Background: Third floor radiators are cold. Pressure hovering around 11. Went to bleed everything and got stuck.

I have these old things on the first floor:

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I can't find a traditional valve, all I have are these:

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The top cap twists off, and water will pop out if you press down. Is that the valve? Or do I have to take off the front plate?

1 Answer 1


That is an automatic bleeder valve - they are subject to becoming less automatic to non-functional over time, and yours are well into the "heavily corroded old age" stage of their lives, or at least the one in the picture is.

If you don't get air when you actuate the valve, this location is bled.

When working properly, any air is collected in the chamber, and once enough air has collected a float drops and causes the air to be vented. The valve cap is normally left somewhat loose so that air can vent, until they start leaking and you have to disable the automatic part of their function by cranking the valve cap down until it seals (normally has a rubber seal inside the cap for that purpose.)

They still work as an air collection point that way, but you have to unscrew the cap and let the air out, then reseal it so they don't leak water at that point.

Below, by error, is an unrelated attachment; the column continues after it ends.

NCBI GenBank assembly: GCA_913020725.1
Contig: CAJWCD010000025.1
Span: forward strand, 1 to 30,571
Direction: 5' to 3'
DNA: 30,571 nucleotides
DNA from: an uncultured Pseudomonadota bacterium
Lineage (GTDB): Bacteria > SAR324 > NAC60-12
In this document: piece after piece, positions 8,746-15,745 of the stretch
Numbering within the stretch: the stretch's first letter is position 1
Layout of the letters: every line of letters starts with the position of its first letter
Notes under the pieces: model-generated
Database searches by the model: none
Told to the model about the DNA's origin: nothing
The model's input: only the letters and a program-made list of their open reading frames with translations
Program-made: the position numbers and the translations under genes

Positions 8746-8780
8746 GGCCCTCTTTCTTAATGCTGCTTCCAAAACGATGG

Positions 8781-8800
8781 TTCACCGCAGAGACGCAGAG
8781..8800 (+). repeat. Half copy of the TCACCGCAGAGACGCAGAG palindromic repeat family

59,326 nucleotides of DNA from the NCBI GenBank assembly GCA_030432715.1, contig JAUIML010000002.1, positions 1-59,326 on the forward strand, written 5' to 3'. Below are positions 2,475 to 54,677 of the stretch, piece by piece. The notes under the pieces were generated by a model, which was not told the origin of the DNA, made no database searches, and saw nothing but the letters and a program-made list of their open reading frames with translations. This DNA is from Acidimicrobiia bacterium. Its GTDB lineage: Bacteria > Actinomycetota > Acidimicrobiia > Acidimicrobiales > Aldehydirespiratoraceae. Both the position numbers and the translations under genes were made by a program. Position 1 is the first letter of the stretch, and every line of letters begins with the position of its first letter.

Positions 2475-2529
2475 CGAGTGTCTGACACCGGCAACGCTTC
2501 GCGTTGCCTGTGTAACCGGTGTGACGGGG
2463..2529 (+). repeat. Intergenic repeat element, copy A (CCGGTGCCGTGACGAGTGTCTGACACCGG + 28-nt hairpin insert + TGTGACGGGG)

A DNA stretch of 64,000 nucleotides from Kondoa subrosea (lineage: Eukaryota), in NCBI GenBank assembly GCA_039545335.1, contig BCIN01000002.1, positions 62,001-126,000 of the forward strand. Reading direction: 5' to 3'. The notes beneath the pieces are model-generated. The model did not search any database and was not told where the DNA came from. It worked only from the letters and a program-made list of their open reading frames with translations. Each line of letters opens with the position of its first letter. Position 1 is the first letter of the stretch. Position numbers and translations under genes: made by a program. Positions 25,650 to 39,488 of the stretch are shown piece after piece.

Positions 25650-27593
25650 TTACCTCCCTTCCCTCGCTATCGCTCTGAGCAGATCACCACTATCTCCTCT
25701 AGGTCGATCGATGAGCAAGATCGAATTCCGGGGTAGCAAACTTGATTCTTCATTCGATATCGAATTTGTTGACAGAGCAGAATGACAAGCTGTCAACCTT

Here is a cutaway view (from caleffi.com, never heard of them, no affiliation) showing their version of the mechanism.

auto float valve from cafeffi.com

  • Thank you so much. Is there any way to know if they are non-functional? Dec 11, 2020 at 14:14
  • If you leave the valve cap loose and it does not leak water, but you don't get air when you press down on the valve stem, it's probably working, despite not looking great. If you get a lot of air before you get water pressing down on the valve, the automatic part may have failed, but it's still collecting air and can be used as a manual vent.
    – Ecnerwal
    Dec 11, 2020 at 14:23
  • You are so appreciated, thank you Dec 11, 2020 at 14:27

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